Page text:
Saturday, March 25, 2017 by Jude Henry
Bird flu is yet again rearing its ugly head and leading to a cascade of unfortunate events. At a farm in Tennessee, upwards of 73,000 birds are scheduled to be killed because of the possible existence of H7 avian influenza, also known as HPAI, a type of bird flu virus.
The seemingly severe action was considered necessary because of how extremely contagious bird flu is. It can spread to humans, but the risk posed to people is considered low. However, if it does spread to humans, it can be deadly.
The outbreak marks a couple of milestones: It is the first bird flu incident in 2017, and the first time that HPAI has occurred in the state of Tennessee.
The affected birds are at a Lincoln County farm, which is under quarantine and part of the Tyson Foods supply. Tyson is the biggest poultry producer in the United States, with 30 other farms near that one also under quarantine. The birds are being tested for the presence of bird flu.
Bird flu spreads when birds that are infected with the illness slough off traces of the flu in secretions that come from their nasal area, or their saliva and feces. Other birds become infected when they come into contact with those secretions, either through direct contact with other birds or through contact with surfaces that the infected birds have touched. Human infection happens in a similar way.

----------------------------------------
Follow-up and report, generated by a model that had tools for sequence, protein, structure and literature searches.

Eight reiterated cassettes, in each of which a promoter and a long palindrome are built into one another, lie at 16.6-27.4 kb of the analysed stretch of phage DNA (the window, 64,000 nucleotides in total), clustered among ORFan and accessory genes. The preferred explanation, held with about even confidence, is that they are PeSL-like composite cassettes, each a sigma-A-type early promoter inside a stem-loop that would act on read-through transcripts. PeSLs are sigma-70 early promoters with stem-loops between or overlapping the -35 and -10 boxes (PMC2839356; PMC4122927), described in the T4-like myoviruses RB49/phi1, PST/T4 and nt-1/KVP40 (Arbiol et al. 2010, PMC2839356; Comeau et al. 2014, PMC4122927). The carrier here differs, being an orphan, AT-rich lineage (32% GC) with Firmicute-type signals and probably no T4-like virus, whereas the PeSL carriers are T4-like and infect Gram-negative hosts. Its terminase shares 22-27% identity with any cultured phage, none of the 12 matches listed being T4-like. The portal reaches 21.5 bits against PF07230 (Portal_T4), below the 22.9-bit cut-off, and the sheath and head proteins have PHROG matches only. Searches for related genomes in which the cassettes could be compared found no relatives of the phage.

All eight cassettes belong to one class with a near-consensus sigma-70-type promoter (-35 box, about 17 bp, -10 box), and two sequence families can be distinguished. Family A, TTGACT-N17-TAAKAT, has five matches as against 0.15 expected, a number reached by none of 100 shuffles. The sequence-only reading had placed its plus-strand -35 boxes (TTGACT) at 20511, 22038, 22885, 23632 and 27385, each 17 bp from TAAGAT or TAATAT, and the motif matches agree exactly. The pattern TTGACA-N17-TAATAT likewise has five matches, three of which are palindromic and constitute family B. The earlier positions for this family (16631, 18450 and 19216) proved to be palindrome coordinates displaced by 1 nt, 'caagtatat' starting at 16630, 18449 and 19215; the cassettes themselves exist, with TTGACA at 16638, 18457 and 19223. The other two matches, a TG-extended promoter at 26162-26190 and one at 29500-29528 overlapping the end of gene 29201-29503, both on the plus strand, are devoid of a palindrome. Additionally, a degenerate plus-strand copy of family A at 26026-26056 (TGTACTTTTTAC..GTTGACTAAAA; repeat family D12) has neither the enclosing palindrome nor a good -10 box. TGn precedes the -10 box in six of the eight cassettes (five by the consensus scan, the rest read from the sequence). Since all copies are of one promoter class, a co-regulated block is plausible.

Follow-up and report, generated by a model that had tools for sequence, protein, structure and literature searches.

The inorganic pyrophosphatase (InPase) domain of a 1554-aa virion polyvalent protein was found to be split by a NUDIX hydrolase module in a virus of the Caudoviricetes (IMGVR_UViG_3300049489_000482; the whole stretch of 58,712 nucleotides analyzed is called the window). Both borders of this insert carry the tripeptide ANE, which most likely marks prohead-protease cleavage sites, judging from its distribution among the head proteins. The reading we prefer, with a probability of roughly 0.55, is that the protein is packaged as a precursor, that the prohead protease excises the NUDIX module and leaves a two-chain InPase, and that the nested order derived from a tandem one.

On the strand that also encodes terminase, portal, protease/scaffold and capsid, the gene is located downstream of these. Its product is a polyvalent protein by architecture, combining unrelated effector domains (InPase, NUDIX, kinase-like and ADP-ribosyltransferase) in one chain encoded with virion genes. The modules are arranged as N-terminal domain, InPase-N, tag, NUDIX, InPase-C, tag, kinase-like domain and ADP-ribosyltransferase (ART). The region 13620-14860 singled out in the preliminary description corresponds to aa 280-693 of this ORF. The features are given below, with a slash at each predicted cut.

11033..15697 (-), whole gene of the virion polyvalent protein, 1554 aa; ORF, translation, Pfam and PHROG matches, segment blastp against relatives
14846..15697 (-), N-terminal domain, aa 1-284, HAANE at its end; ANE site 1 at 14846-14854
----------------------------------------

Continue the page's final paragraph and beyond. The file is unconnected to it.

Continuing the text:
There are two categories of bird flu: highly pathogenic avian influenza (HPAI) A viruses and low pathogenic avian influenza (LPAI) A viruses. When birds become infected with HPAI, the illness can be severe. The rate of death can also be high. Both HPAI and LPAI can spread rapidly.
The situation in Tennessee is not the first incident of bird flu in recent years. Numerous other incidents have happened around the world, including:
The bird flu problem has been widespread throughout 18 countries in Europe. Since October 2016, millions of birds have been killed as a result of suspicions of the existence of the bird flu virus.
Because so many birds are destroyed as a result of each risk of bird flu, the chicken supply goes down. That causes prices to increase, and that is expected to happen with the current situation in Tennessee.
There are workarounds for people who buy chicken but want to reduce the risk of illness and be less affected by supply issues or price fluctuations. Buy only high-quality chicken, preferably organic and free range, from reputable suppliers. That includes small, local farms that you can monitor and interview.
Buying organic, free range and local chicken from sources you can trust often results in consumers paying higher prices. The trade-off is peace of mind, better nutrition, and the ability to support high-quality companies.
Given that so many incidents of bird flu have happened, that same trend might continue into the future. So it is wise to stay informed and be cautious about what food you buy. Read more news about the food supply at FoodSupply.news.